He indicated that the reason he is so selective about the tournaments he plays is making sure he has the motivation to play them. Without playing events that are meaningful, he doesn't think the motivation would be there.
But what about the consistency?
Leah attributes his consistency at the tables to playing consistently. While he studies some, he doesn't do much studying beyond playing the game.
"My competitiveness helps produce consistent results."
"My competitiveness helps produce consistent results. There is obviously some game analysis and studying that comes into play so I can continue to improve and to be able to compete. And sometimes I talk to other players now and again, but it's mostly just me learning on my own and as I go."
But in the end, one of the biggest advantages Leah thinks he has in the game is his strong desire to win at all costs and his competitiveness.
"I think I want to win and I am willing to do whatever it takes. Maybe more than some people."
Leah's Life Outside of Poker
If he's not a grinder, and he's not spending every waking moment playing in a tournament somewhere around the world, what does his life look like outside of poker?
"There are a lot of things that I enjoy away from poker. I'm a bit of a sports nut, so I spend a lot of my free time watching lots of sports and doing fantasy sports. I go to the gym just about every day and also do yoga every other day. And of course, I enjoy spending time with my dog and I have lots of nieces and nephews."
So, he doesn't consider himself a grinder and he does yoga regularly. If those things aren't surprising enough, we asked him what is something people might find surprising about him.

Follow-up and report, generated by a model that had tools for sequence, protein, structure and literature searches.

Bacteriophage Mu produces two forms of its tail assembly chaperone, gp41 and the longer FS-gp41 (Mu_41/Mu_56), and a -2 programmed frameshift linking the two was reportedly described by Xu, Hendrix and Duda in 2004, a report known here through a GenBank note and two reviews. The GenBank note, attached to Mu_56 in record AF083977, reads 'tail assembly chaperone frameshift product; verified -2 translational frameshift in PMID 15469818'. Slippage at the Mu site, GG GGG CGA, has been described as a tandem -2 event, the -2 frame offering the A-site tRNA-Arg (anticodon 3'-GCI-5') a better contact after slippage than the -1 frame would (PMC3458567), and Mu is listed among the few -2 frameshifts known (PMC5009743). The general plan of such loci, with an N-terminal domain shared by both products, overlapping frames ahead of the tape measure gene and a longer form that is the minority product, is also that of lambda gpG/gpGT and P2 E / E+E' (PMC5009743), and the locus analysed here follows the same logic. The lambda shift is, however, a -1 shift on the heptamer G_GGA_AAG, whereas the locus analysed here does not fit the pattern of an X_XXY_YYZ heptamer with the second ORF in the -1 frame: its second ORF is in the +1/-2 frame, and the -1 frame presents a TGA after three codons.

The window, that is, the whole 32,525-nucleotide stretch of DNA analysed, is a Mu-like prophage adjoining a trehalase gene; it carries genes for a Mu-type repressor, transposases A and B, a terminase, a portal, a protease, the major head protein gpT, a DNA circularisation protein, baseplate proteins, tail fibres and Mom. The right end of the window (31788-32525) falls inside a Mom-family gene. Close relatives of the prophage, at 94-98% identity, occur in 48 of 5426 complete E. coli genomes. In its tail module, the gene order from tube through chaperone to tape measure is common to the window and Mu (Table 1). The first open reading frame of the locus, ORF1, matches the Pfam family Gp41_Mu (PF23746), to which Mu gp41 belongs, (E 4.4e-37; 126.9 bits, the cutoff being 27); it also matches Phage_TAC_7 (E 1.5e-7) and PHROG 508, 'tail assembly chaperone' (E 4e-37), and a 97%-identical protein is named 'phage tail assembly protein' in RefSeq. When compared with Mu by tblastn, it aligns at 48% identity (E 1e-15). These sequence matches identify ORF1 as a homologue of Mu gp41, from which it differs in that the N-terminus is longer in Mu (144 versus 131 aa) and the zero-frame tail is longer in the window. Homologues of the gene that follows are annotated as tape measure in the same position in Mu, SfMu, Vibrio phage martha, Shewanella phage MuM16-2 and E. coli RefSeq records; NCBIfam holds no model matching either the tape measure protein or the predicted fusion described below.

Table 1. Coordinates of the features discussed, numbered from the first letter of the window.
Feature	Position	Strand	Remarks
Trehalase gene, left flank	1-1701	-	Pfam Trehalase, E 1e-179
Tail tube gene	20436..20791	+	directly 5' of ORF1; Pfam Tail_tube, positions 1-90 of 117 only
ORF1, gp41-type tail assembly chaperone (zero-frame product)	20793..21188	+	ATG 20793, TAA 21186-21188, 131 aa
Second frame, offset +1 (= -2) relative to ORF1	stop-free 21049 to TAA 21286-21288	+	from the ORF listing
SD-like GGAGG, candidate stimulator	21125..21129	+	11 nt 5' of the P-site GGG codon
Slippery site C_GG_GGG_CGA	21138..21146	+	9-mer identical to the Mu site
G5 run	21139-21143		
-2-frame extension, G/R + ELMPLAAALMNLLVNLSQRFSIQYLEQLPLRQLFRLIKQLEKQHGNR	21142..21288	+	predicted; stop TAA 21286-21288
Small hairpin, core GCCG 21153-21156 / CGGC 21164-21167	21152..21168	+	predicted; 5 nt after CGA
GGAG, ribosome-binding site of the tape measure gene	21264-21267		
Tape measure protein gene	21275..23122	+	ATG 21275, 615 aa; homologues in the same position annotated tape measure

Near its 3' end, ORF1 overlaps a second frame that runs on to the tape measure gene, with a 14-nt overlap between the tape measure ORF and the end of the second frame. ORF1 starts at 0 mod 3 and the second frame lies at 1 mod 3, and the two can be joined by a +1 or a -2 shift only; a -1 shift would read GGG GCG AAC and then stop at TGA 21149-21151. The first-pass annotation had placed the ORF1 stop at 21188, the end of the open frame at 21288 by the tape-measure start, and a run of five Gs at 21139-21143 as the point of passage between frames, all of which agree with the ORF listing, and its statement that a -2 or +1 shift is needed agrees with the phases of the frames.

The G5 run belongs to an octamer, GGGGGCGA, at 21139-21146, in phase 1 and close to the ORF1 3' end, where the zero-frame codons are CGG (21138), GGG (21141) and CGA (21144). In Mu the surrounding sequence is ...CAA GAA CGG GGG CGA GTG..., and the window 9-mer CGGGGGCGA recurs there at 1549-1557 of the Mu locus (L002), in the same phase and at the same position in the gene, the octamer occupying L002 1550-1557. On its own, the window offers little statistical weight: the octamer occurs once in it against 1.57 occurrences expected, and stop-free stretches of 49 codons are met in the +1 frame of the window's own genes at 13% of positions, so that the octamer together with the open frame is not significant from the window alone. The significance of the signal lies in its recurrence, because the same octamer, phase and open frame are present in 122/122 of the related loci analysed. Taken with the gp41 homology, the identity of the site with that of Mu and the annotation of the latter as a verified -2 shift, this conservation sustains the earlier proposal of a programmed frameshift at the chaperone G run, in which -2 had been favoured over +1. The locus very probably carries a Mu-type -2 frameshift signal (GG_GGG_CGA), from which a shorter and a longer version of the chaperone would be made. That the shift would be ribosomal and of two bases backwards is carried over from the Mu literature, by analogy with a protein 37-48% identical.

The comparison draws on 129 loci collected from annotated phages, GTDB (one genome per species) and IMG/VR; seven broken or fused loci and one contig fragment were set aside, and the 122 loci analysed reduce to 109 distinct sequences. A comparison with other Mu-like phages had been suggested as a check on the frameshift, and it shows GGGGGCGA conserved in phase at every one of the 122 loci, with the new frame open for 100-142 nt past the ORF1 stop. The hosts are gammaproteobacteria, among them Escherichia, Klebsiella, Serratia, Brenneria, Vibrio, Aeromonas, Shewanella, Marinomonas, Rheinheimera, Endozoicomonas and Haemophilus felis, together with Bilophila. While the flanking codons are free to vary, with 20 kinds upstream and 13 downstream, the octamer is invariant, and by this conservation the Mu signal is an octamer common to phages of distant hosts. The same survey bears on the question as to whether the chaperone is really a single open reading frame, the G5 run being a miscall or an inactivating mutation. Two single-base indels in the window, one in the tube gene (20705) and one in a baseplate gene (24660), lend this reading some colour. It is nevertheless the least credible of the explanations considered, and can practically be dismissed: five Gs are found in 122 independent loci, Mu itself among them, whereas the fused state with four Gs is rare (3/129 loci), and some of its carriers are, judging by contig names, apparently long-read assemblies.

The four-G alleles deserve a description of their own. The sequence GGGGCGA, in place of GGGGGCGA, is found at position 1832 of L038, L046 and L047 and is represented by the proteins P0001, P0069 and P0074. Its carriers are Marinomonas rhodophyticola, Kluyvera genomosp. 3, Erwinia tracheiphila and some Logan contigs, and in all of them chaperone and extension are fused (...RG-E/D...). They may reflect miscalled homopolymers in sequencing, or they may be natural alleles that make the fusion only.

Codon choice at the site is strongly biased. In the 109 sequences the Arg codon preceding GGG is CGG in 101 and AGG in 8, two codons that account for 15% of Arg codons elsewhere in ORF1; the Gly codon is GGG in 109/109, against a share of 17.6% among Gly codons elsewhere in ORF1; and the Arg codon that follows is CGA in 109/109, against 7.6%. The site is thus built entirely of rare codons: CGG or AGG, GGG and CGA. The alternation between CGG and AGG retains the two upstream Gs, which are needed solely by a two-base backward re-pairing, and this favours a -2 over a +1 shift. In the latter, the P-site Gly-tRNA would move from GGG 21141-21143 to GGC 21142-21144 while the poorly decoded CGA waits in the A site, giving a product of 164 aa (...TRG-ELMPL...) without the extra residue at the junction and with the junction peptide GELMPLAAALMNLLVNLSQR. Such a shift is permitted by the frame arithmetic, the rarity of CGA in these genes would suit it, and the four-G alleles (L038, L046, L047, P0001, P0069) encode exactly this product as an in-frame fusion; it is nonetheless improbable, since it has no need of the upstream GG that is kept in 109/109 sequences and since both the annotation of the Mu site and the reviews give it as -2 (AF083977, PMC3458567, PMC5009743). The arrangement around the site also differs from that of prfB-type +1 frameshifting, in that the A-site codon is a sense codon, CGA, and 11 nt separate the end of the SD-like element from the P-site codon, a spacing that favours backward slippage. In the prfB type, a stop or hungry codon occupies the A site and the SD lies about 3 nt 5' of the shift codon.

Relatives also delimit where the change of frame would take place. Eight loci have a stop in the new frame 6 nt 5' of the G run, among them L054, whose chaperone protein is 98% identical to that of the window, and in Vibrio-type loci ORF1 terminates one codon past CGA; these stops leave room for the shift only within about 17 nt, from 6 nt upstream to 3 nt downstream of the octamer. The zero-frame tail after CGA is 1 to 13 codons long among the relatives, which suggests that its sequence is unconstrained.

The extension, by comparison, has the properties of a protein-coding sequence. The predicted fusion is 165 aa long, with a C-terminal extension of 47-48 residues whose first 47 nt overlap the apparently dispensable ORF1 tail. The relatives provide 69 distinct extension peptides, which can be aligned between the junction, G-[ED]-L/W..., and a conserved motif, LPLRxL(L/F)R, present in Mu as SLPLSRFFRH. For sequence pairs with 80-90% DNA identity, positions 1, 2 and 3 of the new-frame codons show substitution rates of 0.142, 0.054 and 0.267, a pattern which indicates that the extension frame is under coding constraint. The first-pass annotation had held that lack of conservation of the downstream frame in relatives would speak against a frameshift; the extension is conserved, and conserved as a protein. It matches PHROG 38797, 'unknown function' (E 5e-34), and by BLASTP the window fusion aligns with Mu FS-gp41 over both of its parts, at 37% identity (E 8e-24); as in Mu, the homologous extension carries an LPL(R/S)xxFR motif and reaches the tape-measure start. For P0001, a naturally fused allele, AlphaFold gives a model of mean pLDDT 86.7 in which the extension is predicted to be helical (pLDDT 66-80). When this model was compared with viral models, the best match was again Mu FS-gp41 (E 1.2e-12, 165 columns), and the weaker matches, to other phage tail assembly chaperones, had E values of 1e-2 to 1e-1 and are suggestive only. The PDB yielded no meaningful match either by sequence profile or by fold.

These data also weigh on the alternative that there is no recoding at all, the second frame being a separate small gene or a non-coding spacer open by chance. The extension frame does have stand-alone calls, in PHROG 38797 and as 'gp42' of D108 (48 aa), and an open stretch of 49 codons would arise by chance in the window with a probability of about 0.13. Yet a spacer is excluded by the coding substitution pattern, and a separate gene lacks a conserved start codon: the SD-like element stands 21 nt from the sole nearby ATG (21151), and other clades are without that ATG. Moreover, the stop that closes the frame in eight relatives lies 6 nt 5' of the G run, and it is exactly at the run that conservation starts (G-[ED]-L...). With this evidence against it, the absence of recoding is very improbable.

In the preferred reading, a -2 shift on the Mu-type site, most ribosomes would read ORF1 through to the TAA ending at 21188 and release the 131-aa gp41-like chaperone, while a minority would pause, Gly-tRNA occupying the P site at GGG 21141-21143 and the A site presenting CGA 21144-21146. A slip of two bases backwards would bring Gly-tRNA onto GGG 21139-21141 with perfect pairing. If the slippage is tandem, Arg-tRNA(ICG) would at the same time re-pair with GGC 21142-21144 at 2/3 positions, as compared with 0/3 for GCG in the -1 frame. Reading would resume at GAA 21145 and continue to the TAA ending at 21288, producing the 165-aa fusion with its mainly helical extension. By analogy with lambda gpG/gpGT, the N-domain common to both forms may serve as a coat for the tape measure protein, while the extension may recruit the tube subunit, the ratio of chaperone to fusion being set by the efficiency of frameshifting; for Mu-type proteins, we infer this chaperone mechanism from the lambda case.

He immediately responded, "my age." Apparently, people are often surprised and caught off guard when they learn how old Leah really is.
Leah had a 16-year career before he started playing poker, and he takes care of himself, so it makes sense that people have a hard time guessing his age. "I'm 43 and a bit immature, so it's easy to see how people might be surprised that I am as old as I am."
"I want to win and I am willing to do whatever it takes. Maybe more than some people."
Earlier we talked about his professional bucket list, so we asked Leah what was on his personal bucket list.
"Just continue to strive to maintain good balance. Take time to do things I enjoy. Go on vacation. Spending time with family. Going to some cool live sporting events and concerts. Just enjoying all the good things that my career and my success allow me to enjoy."
Are There More Double Bags in His Future?
With just a few months until the World Series of Poker gets underway, we were curious to know if Leah was intent on keeping an intense schedule like in years past.
"The WSOP for me basically it's just one continuous thing. As soon as I bust one event, I'm jumping in the next. I'll probably be doing some multi-tabling at the start and throughout the series. If I'm in the hunt for Player of the Year, I'll play a little bit more but there isn't much of a change because I basically play everything anyway."
Maintaining such a large schedule for seven weeks has got to be daunting, but Leah says he just doesn't think about it.
"My biggest challenge at the WSOP is to not think ahead and not think about the schedule. I like to focus fully on what I'm playing because there's always some event coming up that I'm excited to play and that can be distracting."
Whether he's a grinder or not, what we see is Leah focused and working hard. And it won't surprise us one bit, to see him double bagging come June.